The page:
It's resume time here at Slow Boat Central, and that, combined with the approaching end of our time at Xihua University, means that I've been a bit more self-reflective than usual. In times of transition, I'm prone to try to sum things up more than necessary, and to attach a bit too much meaning onto what really are quite ordinary events and experiences. And don't get me started on the "wow, this is the last time I'll probably ever be doing ______" syndrome. Blogging in such an environment can get to be downright maudlin, so be thankful that I haven't hit "publish" on some of my more sappy drafts as of late.
In the middle of this all, staring me in the face, was my resume, which of course, lists out all of my tasks and responsibilities and accomplishments associated with every place that I've worked. Specifically, under the "ESL Instructor, Xihua University" heading were three or four lonely bullet points describing my responsibilities as a classroom teacher. Taught classes. Developed curriculum. Interacted with students. Et Cetera.
Not bad in themselves, but compared to what I've done elsewhere as a teacher, technology coordinator, and creator at jobs where I've worn upwards of 36 different hats at once, it just seemed a little, well... lacking. Related to this, in describing what I've been doing here to others, I've sometimes had to stop myself from inserting the words "just" or "only" into conversations - as in, "I've
just been teaching basic English conversation courses to college freshmen." "I've only been teaching seven classes this semester." You'd think by now, I'd know better, right...?
And there have been a couple of job openings that have popped up lately that are of the "Oh, wow, this job description fits me exactly!" variety. Which means, yeah, time to get serious with the resume bit. So yesterday, I got to work, rolled up my figurative sleeves, fired up the laptop, and took the next logical step - finding someone with a clear second perspective to collaborate with. Fortunately, this time around, Jane happened to be free for part of the morning, so together, we sat down at the computer and put some serious thought into answering the question, "what have we been doing here, anyway?" After about thirty minutes of talking and suggesting and counter-suggesting, here's what we came up with:
- Taught Oral English and Culture and the Media classes to between 250-350 students (a mixture of first and second year English majors and interdisciplinary honors students) weekly.
- Challenged students to become aware of higher level thinking skills. Used various multimodal teaching strategies, and helped students to adapt and learn from teaching methods previously foreign to them.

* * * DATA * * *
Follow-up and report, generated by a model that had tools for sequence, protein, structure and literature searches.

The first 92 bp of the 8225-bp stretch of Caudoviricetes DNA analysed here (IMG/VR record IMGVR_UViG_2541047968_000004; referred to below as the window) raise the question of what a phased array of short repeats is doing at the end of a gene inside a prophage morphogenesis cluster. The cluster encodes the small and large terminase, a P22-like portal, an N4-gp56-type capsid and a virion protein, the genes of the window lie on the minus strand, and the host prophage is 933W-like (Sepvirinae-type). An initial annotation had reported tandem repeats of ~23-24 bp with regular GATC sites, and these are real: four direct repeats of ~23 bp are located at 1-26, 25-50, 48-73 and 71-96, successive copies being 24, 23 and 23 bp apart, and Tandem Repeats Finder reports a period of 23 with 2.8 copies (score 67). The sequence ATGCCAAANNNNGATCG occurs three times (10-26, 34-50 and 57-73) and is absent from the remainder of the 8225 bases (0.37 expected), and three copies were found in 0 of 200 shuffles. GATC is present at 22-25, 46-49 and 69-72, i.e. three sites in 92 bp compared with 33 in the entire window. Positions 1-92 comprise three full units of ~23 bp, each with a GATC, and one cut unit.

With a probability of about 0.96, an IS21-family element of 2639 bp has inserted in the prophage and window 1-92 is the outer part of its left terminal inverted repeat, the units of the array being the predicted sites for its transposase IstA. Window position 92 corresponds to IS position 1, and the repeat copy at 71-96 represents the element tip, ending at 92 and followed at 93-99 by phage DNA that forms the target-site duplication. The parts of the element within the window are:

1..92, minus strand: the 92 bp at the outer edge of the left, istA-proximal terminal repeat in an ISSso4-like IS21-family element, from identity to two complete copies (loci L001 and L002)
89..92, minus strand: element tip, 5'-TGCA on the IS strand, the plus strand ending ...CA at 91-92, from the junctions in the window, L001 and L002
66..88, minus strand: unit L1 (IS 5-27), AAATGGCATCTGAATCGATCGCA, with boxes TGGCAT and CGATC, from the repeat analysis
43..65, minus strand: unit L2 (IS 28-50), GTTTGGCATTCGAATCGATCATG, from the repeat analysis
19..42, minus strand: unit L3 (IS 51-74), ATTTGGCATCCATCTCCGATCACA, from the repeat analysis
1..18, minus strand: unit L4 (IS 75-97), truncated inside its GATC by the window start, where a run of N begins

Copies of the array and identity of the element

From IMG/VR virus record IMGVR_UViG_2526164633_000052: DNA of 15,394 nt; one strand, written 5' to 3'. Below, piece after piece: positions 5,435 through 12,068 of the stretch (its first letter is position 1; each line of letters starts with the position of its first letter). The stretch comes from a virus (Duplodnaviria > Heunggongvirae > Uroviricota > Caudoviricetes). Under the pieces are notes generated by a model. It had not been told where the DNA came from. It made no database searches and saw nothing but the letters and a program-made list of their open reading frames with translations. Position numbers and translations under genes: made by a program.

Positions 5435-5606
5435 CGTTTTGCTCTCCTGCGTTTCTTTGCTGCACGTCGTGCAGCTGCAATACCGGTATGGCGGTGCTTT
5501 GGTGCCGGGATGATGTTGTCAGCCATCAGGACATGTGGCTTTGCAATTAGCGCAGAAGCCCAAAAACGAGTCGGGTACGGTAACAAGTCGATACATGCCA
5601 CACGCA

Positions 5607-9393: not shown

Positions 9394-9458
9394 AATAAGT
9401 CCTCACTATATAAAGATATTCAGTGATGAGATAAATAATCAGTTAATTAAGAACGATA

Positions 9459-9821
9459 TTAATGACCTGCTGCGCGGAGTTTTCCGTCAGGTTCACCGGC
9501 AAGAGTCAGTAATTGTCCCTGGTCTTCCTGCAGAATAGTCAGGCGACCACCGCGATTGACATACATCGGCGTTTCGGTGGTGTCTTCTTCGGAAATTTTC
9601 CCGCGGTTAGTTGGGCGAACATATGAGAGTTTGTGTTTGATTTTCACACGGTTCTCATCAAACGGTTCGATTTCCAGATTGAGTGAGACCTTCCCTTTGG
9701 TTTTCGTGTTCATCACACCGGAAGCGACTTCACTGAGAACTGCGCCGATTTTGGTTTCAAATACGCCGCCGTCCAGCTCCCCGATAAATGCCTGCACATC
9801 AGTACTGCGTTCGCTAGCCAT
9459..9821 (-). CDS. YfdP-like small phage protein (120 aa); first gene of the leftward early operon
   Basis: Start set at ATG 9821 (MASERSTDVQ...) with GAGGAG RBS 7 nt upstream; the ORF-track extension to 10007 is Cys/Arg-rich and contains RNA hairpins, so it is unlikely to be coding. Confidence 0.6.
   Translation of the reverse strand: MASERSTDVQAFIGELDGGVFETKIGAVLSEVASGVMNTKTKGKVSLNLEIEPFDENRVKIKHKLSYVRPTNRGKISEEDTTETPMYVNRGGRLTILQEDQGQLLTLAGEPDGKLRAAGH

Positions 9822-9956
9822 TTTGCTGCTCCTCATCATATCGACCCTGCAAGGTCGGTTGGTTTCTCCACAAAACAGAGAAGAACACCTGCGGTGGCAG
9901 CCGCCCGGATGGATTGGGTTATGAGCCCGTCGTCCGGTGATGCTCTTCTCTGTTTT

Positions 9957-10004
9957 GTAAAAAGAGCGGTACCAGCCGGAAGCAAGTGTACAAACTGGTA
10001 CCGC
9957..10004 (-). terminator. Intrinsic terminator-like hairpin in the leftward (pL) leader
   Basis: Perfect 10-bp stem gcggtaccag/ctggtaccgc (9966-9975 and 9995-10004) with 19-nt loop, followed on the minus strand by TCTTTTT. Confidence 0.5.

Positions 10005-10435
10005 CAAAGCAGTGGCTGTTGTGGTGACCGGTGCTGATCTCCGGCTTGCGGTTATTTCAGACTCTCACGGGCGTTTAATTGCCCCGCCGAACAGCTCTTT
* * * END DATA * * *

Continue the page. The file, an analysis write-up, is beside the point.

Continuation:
- Developed independent curriculum for classes. Topics include intercultural communication, issues in the media, global awareness, environmental issues, mapping, and storytelling.
- Led students on observational field trips to the areas surrounding campus, developing their awareness of English as a tool for everyday communication. Helped students develop final projects to communicate what they had learned.
- Facilitated international email partnerships between my students and other students in Indonesia and the U.S.
- Designed curriculum to help students challenge themselves on issues of stereotyping and racism.
- Mentored students and teachers. Developed reciprocal relationships where one-on-one mutual learning could take place. Solved cross-cultural communication issues by engagement and dialogue.
- Began a lifelong study of Mandarin Chinese, both spoken and written.
- Challenged my own assumptions about education and learned about another worldview by empathizing with students and fellow teachers. Used my own journey as a Chinese language learner to engage students.
- Supported my 3 children as they studied in local schools, struggled with and eventually became fluent in Chinese, and immersed themselves in the local culture. Became familiar with some of the issues, challenges, and joys faced by immigrant parents.
- Traveled within China and in Southeast Asia. Got to know people from all walks of life, from urban to rural, rich to poor. Observed firsthand many of the effects of rapid societal change brought on by globalization.
- Blogged extensively to communicate my observations and questions to an international audience. (ca. 500 pageviews/week)
(If you know anyone who's hiring, better tell them to hurry up and get in touch with me before someone else snatches me up...)